Another summer holiday, another mysterious murder that Dorothy Martin feels compelled to investigate. While she and her husband enjoy a week in the Cotswolds, one of their wanders leads them to a dead body, that of a elderly farmer without an enemy in the world, according to the village of Broadway. What could be his connection with the pleasant young man who bumped into Dorothy in abject terror on the main street that very afternoon? The main thing I like about this series is the 'travelogue' th Another summer holiday, another mysterious murder that Dorothy Martin feels compelled to investigate. While she and her husband enjoy a week in the Cotswolds, one of their wanders leads them to a dead body, that of a elderly farmer without an enemy in the world, according to the village of Broadway. What could be his connection with the pleasant young man who bumped into Dorothy in abject terror on the main street that very afternoon? The main thing I like about this series is the 'travelogue' that goes with it. The little towns of England sound very enticing indeed.

  9. 4 out of 5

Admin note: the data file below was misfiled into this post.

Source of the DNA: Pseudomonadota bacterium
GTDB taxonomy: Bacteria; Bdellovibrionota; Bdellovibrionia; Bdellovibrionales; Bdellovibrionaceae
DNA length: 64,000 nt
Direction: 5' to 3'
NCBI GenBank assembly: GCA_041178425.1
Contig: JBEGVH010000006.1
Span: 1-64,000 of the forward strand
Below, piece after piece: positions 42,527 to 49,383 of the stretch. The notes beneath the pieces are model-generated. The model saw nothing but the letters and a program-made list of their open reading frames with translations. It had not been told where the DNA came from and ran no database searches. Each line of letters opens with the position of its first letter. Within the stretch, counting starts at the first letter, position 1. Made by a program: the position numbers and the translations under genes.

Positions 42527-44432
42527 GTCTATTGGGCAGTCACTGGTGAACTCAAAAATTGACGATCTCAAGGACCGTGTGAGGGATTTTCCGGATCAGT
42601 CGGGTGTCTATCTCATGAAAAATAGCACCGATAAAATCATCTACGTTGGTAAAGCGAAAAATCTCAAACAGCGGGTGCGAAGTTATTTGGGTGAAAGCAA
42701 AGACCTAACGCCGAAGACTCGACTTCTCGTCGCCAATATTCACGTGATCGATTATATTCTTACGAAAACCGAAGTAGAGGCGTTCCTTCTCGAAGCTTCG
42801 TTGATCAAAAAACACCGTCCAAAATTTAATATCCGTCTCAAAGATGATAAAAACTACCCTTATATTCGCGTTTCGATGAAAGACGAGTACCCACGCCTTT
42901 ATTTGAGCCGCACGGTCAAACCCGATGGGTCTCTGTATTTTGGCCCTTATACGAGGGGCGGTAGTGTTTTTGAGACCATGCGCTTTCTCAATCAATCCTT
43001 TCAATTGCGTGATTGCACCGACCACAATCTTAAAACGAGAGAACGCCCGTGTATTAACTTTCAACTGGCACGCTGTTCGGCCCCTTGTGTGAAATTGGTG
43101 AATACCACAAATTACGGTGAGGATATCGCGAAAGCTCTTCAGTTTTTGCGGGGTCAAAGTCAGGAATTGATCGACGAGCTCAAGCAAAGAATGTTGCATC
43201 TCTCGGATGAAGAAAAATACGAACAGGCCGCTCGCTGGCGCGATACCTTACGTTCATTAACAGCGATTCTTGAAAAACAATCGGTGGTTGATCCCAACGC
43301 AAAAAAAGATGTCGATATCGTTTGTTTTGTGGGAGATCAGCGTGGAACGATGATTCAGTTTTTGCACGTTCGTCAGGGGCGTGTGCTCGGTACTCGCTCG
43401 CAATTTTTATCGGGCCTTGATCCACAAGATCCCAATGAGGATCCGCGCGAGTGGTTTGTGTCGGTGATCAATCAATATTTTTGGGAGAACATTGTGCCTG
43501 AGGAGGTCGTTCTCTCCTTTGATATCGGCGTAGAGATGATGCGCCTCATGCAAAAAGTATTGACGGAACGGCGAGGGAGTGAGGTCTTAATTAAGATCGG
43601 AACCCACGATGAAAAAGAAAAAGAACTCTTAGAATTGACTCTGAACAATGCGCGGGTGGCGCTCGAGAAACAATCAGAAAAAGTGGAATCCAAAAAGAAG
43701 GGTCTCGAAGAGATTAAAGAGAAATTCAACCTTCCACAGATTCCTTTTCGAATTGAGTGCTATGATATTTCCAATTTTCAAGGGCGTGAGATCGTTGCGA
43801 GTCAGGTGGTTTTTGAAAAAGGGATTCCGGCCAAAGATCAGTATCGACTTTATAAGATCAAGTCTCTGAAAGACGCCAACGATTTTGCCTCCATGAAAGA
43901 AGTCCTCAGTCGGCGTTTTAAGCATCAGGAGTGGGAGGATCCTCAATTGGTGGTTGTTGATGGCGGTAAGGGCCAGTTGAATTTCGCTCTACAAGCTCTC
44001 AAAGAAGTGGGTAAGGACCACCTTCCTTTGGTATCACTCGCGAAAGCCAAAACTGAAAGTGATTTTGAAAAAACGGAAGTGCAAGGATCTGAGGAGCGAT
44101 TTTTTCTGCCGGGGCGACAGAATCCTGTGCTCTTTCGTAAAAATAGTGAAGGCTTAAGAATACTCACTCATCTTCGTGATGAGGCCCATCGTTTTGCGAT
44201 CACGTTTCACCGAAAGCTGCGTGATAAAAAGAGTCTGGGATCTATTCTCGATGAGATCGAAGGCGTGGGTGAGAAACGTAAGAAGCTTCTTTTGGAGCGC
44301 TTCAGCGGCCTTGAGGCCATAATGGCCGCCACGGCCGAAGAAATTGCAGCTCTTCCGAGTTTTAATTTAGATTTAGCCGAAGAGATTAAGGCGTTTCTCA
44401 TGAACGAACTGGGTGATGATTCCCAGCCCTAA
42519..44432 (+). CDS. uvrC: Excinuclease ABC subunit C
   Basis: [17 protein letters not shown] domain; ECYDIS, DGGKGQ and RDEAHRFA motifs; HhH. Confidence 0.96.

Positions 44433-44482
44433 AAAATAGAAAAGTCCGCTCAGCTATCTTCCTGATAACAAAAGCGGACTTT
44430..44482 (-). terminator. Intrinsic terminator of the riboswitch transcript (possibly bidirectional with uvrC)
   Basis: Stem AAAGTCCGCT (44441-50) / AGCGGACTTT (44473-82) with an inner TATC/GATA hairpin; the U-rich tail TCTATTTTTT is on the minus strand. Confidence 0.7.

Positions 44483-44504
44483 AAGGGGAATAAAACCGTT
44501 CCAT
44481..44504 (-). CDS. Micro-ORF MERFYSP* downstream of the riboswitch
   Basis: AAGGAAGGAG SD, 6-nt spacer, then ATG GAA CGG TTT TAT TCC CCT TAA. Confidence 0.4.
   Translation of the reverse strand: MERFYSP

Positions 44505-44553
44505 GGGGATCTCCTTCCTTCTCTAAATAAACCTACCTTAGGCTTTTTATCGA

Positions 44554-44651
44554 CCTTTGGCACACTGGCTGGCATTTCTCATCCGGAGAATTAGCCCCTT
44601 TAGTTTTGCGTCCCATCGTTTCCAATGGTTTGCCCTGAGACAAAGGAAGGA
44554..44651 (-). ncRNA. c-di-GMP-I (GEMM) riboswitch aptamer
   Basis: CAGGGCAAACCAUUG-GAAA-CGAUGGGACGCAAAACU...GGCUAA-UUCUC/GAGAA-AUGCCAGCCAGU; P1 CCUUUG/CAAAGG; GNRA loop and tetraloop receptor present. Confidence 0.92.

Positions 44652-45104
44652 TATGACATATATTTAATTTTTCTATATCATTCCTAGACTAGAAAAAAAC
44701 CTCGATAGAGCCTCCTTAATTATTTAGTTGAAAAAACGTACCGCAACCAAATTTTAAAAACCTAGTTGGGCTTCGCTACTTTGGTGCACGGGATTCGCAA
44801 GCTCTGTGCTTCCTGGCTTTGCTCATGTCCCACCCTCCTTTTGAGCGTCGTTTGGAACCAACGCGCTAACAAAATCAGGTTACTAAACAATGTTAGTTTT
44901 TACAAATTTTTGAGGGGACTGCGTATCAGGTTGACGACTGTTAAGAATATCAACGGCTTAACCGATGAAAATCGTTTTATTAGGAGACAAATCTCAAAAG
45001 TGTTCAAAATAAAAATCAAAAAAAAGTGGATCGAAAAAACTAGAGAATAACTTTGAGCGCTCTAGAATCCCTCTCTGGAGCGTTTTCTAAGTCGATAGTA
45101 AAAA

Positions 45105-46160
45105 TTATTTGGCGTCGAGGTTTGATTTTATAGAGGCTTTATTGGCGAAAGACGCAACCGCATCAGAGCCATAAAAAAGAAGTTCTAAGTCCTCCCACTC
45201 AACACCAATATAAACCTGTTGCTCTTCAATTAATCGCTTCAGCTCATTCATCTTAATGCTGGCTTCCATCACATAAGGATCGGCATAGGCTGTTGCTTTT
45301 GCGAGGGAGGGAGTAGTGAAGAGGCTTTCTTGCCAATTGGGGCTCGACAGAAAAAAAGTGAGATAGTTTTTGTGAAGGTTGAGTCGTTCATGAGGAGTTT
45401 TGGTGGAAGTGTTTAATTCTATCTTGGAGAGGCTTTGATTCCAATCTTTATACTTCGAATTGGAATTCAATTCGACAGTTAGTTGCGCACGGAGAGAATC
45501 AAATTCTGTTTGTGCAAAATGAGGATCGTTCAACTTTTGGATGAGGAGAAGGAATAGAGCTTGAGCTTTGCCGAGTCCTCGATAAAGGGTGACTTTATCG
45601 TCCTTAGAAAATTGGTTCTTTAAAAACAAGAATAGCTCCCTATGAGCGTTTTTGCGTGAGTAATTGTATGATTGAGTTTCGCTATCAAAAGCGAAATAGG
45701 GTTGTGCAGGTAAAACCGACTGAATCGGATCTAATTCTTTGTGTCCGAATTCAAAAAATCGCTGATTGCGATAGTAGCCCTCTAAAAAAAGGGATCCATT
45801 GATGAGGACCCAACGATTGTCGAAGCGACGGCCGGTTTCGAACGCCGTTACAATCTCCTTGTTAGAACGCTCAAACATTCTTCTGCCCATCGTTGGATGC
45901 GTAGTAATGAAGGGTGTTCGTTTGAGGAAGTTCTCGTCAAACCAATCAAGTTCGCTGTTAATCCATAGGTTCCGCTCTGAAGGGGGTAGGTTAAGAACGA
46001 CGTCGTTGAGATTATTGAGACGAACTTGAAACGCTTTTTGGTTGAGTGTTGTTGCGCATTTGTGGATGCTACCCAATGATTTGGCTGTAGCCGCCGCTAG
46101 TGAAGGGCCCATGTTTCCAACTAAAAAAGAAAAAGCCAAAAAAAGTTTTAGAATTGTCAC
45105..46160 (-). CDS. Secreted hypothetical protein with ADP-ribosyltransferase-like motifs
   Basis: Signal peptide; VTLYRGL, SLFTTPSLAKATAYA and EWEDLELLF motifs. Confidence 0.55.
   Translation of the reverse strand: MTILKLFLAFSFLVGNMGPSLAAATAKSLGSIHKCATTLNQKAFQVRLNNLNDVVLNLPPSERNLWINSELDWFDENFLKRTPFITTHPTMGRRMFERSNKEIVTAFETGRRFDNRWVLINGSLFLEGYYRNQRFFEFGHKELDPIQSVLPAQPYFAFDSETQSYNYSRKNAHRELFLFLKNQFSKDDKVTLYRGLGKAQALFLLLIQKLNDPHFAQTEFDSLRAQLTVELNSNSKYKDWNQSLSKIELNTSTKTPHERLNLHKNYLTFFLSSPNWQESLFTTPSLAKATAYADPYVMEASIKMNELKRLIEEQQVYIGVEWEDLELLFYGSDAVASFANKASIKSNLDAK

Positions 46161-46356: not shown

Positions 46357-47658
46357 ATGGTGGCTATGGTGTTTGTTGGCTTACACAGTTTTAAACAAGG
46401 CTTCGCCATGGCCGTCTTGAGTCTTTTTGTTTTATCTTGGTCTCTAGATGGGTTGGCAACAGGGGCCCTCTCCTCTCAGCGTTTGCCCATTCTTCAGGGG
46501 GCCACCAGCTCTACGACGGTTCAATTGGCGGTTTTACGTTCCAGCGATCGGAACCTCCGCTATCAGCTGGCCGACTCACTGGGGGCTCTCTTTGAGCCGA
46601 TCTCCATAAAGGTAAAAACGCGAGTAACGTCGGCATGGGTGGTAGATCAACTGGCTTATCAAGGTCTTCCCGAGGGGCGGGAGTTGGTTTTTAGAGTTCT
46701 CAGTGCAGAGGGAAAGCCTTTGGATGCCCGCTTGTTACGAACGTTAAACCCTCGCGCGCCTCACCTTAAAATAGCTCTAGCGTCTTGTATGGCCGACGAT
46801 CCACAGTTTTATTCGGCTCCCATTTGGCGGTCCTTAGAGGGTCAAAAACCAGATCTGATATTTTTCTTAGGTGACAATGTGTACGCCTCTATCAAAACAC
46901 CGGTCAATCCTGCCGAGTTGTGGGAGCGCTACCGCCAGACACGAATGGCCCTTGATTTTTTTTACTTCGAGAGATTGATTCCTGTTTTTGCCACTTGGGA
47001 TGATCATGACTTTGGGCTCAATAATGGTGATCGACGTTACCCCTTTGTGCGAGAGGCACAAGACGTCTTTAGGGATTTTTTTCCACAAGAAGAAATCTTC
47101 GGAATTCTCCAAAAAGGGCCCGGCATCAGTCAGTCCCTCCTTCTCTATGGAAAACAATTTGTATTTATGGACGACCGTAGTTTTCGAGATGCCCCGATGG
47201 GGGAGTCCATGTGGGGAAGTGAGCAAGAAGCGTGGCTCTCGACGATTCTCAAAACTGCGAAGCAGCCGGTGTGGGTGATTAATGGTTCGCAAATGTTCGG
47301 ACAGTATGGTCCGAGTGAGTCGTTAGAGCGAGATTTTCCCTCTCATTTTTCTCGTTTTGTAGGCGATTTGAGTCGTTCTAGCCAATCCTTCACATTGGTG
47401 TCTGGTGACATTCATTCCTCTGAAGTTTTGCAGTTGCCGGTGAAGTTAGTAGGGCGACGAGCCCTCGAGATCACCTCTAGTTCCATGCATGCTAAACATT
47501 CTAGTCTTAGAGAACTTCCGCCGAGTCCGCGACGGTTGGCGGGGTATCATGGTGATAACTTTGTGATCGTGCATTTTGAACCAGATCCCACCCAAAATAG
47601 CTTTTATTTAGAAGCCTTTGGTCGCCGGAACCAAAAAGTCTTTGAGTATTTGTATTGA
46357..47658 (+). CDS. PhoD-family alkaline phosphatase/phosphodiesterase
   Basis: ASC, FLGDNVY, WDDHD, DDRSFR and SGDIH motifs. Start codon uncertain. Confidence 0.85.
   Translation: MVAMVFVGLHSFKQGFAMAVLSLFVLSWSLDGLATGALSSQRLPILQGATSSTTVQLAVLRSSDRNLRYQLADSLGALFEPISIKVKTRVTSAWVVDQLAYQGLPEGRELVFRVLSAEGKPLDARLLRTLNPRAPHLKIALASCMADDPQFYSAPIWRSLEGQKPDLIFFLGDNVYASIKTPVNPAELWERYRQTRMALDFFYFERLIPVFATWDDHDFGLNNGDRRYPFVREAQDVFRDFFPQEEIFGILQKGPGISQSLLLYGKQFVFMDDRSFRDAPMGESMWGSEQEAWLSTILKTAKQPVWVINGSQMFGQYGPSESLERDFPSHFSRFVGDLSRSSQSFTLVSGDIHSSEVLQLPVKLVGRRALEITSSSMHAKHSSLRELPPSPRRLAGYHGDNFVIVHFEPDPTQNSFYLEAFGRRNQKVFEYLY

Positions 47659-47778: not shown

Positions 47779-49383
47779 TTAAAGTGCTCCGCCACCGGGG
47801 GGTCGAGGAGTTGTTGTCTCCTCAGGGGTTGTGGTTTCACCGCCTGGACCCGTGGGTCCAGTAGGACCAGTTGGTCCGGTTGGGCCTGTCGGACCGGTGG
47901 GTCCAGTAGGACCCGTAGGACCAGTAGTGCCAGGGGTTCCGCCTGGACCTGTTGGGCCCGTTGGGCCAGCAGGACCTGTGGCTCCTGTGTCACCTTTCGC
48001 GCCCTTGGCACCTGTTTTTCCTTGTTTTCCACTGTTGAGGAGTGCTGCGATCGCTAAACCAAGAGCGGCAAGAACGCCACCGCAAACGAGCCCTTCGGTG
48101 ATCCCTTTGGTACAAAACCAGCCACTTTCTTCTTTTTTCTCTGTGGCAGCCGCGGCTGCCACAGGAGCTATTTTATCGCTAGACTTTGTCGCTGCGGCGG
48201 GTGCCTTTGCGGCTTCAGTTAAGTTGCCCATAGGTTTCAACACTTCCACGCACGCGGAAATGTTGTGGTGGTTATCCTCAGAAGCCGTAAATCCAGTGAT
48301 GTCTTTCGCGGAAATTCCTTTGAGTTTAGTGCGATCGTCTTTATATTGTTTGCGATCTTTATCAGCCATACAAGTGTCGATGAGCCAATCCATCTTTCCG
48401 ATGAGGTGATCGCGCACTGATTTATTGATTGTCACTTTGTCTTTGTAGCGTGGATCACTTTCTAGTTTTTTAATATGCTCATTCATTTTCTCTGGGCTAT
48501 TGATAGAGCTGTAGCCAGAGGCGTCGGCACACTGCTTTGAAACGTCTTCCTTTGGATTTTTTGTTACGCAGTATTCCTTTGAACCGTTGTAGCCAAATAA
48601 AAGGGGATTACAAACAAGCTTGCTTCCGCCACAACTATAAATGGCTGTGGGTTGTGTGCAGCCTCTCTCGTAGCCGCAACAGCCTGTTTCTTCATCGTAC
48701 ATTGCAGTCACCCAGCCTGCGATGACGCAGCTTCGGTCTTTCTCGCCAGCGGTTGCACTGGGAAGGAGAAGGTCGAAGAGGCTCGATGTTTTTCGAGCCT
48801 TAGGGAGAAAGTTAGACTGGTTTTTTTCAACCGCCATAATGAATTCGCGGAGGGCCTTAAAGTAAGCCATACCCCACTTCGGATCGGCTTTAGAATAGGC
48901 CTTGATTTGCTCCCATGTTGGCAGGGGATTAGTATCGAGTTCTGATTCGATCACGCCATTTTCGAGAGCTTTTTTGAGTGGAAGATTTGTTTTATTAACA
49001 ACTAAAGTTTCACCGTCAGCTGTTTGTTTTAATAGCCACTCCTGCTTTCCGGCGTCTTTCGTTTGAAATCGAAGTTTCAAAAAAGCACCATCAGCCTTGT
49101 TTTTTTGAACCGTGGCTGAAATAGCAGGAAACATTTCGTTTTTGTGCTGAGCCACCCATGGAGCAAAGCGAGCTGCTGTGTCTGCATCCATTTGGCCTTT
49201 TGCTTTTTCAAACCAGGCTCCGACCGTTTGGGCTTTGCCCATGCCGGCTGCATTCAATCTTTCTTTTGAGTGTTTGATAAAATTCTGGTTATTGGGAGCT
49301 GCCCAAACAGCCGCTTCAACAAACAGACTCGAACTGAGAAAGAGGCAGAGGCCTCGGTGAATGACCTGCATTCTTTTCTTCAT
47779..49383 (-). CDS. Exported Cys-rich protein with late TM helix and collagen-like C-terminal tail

Elliott

    I certainly did not expect this amount of danger and violence to be in what is classed as a “cozy.” No Miss Marple resolution here. I suppose all the quaint English countryside and local color might have something to do with the classification. The other problem was motivation. Yes, the villain was a very bad man, even a sociopath, but what led him to embark on his murderous path? Perhaps you don’t have to answer that when you are dealing with a sociopath. It was a gripping read, as one can see I certainly did not expect this amount of danger and violence to be in what is classed as a “cozy.” No Miss Marple resolution here. I suppose all the quaint English countryside and local color might have something to do with the classification. The other problem was motivation. Yes, the villain was a very bad man, even a sociopath, but what led him to embark on his murderous path? Perhaps you don’t have to answer that when you are dealing with a sociopath. It was a gripping read, as one can see by the short amount of time it took to get through, but rather unsatisfying in the end.

  10. 4 out of 5

    Liisa

    3-1/2 rounded up to 4*'s.... 3-1/2 rounded up to 4*'s....

  11. 5 out of 5

    Diane

    Another winner. Good ending.

  12. 4 out of 5

    Bev